Although these concerns and questions wracked all of the imprisoned communities, the registration process went off smoothly at several of the camps, including Poston and Minidoka. At several camps, including Heart Mountain and Topaz, committees formed to demand clarification of the citizenship status of the Nisei as well as answers to countless other questions. These committees, in particular the one at Topaz, succeeded in slowing down the registration process considerably. The response to registration was especially explosive at Tule Lake; there resistance was so pervasive that camp administrators ultimately called in the military police to arrest a large number of residents of one especially recalcitrant residential block.
The registration crisis of 1943 was not truly an instance of draft resistance; at that time the military was seeking volunteers and the draft remained closed to the Nisei. However, registration surfaced many of the issues and resentments that would later lead young men to resist the draft after it was reinstated.
Having assembled a racially segregated combat team with far fewer volunteers from the camps than expected and a large contingent of Nisei from Hawaii, military officials turned their attention in the latter half of 1943 to the question of whether to reinstate the draft for the inmates in the camps. By December, an affirmative decision was made, but the timing was far from opportune. Casualty rates among the troops of the 100th Infantry Battalion in Italy were high, and news of deaths and grievous injuries was filtering back to the camps, leading some military officials to worry that the Nisei would believe they were being drafted simply as cannon fodder. In announcing the reopening of the draft on January 20, 1944, the military emphasized that this was a restoration of equality for the Nisei, in that they would "again be classified by their Selective Service Boards on the same basis as other citizens." Japanese Americans quickly saw through this, however; they understood that however equal their Selective Service classification, what awaited them upon being drafted was racially segregated combat duty in the army and categorical exclusion from service in the navy.
As young men in the camps began to receive official orders to report for physical examinations preparatory to induction, the discussions and debates that accompanied registration resumed, but now in a much more focused way. Individual young men had a specific decision to make: should they or should they not comply with these orders? Declining to volunteer in 1943 had carried no ramifications; willfully refusing to comply with an order of the Selective Service Administration was a federal crime punishable by fines and prison time.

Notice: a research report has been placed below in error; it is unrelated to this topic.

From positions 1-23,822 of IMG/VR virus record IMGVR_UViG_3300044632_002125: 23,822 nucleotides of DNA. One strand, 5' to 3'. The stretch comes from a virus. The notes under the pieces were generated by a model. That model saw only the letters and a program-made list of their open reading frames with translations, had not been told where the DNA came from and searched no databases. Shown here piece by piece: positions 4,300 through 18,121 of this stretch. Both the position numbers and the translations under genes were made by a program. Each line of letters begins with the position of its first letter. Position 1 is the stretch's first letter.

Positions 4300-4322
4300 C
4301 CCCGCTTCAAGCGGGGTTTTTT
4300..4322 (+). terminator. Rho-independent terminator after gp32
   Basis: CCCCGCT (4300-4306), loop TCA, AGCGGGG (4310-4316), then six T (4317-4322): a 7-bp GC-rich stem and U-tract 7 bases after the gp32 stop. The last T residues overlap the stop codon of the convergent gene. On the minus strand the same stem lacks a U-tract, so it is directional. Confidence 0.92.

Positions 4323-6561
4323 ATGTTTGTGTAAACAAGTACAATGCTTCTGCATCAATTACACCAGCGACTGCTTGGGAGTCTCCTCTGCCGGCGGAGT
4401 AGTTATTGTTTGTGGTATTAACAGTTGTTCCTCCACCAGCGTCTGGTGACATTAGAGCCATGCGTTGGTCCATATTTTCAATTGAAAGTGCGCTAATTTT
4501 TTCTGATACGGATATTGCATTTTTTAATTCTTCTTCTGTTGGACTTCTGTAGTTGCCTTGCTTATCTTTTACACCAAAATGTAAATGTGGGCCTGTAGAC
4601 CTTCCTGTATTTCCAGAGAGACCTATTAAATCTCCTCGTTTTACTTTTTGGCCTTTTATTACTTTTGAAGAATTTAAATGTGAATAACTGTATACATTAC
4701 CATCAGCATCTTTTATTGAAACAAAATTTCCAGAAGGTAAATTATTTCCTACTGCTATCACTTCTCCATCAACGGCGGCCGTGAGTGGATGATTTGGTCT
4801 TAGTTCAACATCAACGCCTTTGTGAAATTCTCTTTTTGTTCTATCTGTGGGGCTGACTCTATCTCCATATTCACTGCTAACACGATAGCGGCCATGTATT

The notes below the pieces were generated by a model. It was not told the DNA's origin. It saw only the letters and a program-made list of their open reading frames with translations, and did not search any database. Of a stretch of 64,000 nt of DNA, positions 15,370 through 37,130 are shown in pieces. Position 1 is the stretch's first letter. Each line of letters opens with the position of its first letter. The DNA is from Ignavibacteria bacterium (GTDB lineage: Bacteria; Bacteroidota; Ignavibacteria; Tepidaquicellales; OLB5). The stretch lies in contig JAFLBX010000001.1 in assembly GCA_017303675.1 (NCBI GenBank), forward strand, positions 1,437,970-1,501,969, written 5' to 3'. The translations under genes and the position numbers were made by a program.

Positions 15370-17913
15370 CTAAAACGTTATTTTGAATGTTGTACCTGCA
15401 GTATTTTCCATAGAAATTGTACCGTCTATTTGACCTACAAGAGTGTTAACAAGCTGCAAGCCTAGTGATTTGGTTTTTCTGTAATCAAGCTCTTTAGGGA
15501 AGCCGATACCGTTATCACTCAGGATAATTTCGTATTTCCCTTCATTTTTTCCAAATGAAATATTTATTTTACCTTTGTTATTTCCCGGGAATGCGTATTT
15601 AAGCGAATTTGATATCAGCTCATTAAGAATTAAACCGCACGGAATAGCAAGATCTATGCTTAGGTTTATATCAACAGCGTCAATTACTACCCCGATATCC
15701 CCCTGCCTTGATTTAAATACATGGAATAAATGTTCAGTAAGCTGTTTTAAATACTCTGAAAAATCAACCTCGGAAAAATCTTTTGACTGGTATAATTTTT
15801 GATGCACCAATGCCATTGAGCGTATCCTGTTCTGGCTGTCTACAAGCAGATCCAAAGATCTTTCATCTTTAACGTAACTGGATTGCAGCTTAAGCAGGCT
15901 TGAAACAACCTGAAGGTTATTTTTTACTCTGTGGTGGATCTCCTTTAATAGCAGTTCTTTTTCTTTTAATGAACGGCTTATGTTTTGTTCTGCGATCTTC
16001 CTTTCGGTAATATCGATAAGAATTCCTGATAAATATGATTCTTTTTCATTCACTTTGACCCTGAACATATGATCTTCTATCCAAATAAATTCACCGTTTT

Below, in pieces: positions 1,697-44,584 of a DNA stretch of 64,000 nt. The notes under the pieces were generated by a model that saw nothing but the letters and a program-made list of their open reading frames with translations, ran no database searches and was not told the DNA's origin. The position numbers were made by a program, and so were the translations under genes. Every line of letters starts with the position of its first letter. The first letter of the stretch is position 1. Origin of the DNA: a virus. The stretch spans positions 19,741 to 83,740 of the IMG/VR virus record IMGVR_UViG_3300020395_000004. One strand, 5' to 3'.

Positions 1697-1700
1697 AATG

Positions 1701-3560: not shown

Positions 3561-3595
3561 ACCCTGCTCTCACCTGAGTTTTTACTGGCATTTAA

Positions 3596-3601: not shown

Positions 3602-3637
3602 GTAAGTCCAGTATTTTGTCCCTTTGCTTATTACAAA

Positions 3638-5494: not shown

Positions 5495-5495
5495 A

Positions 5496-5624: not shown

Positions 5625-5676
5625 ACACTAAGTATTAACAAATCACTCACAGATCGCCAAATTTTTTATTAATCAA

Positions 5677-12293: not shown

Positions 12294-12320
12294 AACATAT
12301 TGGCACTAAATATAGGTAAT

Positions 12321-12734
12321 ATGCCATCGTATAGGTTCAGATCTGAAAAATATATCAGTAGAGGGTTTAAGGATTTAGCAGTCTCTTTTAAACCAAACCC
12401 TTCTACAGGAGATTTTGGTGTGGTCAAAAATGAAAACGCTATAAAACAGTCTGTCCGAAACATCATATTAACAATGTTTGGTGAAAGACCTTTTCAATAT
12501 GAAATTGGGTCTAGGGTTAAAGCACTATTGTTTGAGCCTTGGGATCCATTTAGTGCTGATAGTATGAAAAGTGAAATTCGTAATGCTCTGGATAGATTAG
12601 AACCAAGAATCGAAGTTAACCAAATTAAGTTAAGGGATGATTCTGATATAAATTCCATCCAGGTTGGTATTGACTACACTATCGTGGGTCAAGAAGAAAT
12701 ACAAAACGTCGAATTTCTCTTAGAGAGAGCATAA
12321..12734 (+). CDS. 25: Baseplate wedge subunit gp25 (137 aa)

Those Nisei who chose to resist the draft did so in different ways and for different reasons. Some young men reacted to the reopening of the draft by filing applications to renounce their citizenship or to be expatriated to Japan. Often these applications reflected an effort on the part of the young men not to be separated from their Issei parents; for others, the applications revealed that their anger over removal and incarceration had led them to doubt that they had a viable future in the United States or that their American citizenship had any remaining value. This strategy of avoiding the draft proved unsuccessful, however; the government quickly took the view that renunciations of citizenship and petitions for expatriation filed after the reopening of the draft were just impermissible efforts to evade the draft, and those who filed such petitions remained bound to answer the military's call.
At some of the camps, the decision-making about whether to comply with or resist the draft was solitary or confined to very small groups. This was the case at Minidoka, for example. Minidoka saw little public discussion about the merits of resisting the draft; the atmosphere there was permeated by expressions of support for the draft from the camp newspaper, exhortations to compliance from camp administrators, and a morale-boosting propaganda visit to the camp from the celebrated Nisei flier Sergeant Ben Kuroki. But one by one, 32 young men ultimately made the decision not to respond to the call. The dynamics were not dissimilar at Amache, where 31 Nisei refused, at Topaz, where the number was five, or at the two Arkansas camps, Jerome and Rohwer, where there were four. Those who have studied the draft resistance at these camps conclude that these acts of resistance were not grounded in a carefully articulated legal objection to incarceration or conscription. They were instead grounded mostly in disillusionment about the flimsiness of their status as citizens, anger over their confinement, and obligations to family. (There is no record of criminal prosecutions for draft resistance at Manzanar or Gila River.)